Not really. You said: "...cause and effect does not apply when the universe does not exist and you cannot use it to make claims about the 'origin' of the universe". If true, this would make cosmology obsolete. But this is absurd. You've erroneously conflated causality with the inductive generalisations known as the laws of physics.



    The purpose of the previous example was to show that causality isn't limited to the physical realm or tangible objects. If the "creation" of the universe is a result of a logical entailment of some sort, then that would atemporal causation. I don't have to give an example of atemporal cause/effect within a temporal world, but I'm guessing the main contention you have is the lack of "temporal lag" between a cause and its effect; this can be resolved by looking at simultaneous causation. Again, there are differing thoughts on that too. See the philpapers link for contemporary literature on the subject.



    But no one is assuming that. You're conflating the principle of causality/reason/explanation with the known laws of physics again.



    Nothingness by definition cannot be something; it can have no properties, no attributes, no potential, no anything. Disputing this is about as rational as disputing the claim "Oil is oily". When physicists talk about the possibility of universes "coming from nothing", they redefine nothing to mean some sort of a quantum vacuum that has potential - it is very much "something". Even so, not all physicists agree with the central proposal:
    https://arxiv.org/abs/1405.6091
    Why would it make cosmology obsolete? If causality is generally agreed to be temporally bound then in the absence of time it starts to stop making sense.

    When the only example of atemporal causation you can give that would do something like 'create' a universe is the 'creation' of the universe itself then isn't that just special pleading?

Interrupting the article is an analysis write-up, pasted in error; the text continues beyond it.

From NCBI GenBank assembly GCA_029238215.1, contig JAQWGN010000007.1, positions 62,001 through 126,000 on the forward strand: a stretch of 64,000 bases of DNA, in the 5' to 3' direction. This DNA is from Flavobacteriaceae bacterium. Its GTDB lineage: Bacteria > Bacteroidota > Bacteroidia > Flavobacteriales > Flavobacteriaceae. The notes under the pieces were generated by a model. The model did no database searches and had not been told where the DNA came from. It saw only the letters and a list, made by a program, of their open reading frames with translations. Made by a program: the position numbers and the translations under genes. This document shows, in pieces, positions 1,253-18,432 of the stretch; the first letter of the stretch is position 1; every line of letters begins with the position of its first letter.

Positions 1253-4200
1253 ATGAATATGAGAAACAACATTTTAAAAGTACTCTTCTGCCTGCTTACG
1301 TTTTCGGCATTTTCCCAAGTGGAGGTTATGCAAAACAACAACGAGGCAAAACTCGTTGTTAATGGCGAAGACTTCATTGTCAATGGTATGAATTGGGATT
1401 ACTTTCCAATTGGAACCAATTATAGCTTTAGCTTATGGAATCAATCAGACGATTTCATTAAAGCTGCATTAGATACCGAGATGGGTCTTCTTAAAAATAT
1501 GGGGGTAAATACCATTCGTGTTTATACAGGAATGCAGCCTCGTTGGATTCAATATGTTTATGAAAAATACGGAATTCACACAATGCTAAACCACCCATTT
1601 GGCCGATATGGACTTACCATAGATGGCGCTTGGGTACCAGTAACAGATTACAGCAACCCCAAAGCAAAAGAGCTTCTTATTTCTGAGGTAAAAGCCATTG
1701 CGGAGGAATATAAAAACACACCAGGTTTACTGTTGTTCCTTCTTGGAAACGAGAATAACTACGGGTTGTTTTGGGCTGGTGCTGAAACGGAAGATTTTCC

https://en.m.wikipedia.org/wiki/Causality_(physics)
    This is what causality I am referring to, note that it ceases to function in the absence of time.

    Why do you say that nothing has by definition no potential? Why do you choose that definition?
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    (Original post by Robby2312)
    The point is that no one believes in ancient gods anymore.Give it a few thousand years probably less and nobody will believe in the judeo christian god.He'll just be one more dead god on the scrapheap who was once thought immortal.
    But that can't happen though. He is the Alpha and Omega, the beginning and the end. He is not limited by time.
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    (Original post by davidoriakhi)
    But that can't happen though. He is the Alpha and Omega, the beginning and the end. He is not limited by time.
    What you mean to say is that preists and clergy have agreed he is the alpha and the omega, the beggining and the end.That doesnt mean he is.More likely he is just one of many gods mankind has dreamed up over the years.
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    (Original post by D3LLI5)
    for the sake of showing why your analogy is inaccurate,

    Why *must* someone have put the cake there?
    Because its not going to "magically" appear now is it?
    Something cant come from nothing, as the "all-knowing" scientists will say...
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    (Original post by Robby2312)
    What you mean to say is that preists and clergy have agreed he is the alpha and the omega, the beggining and the end.That doesnt mean he is.More likely he is just one of many gods mankind has dreamed up over the years.
    I suggest you learn how to spell before bringing up any point, so everyone can understand you and what you're trying to say (which still does not make sense).
    The same thing can go for the big-bang theory. Were the scientists there when two random particles from a singularity collided? Were YOU there? Just because they said it dosen't mean its real. And even the evidence they bring forth has a vast number of uncertainties.
    And there are many loopholes in that theory, just trying to make you guys feel like you know what happened whereas you know nothing.
    God is the answer, you don't need to agree with him it's your choice. Just don't come up with random stuff and listen to scientists who are not sure themselves.
    God bless.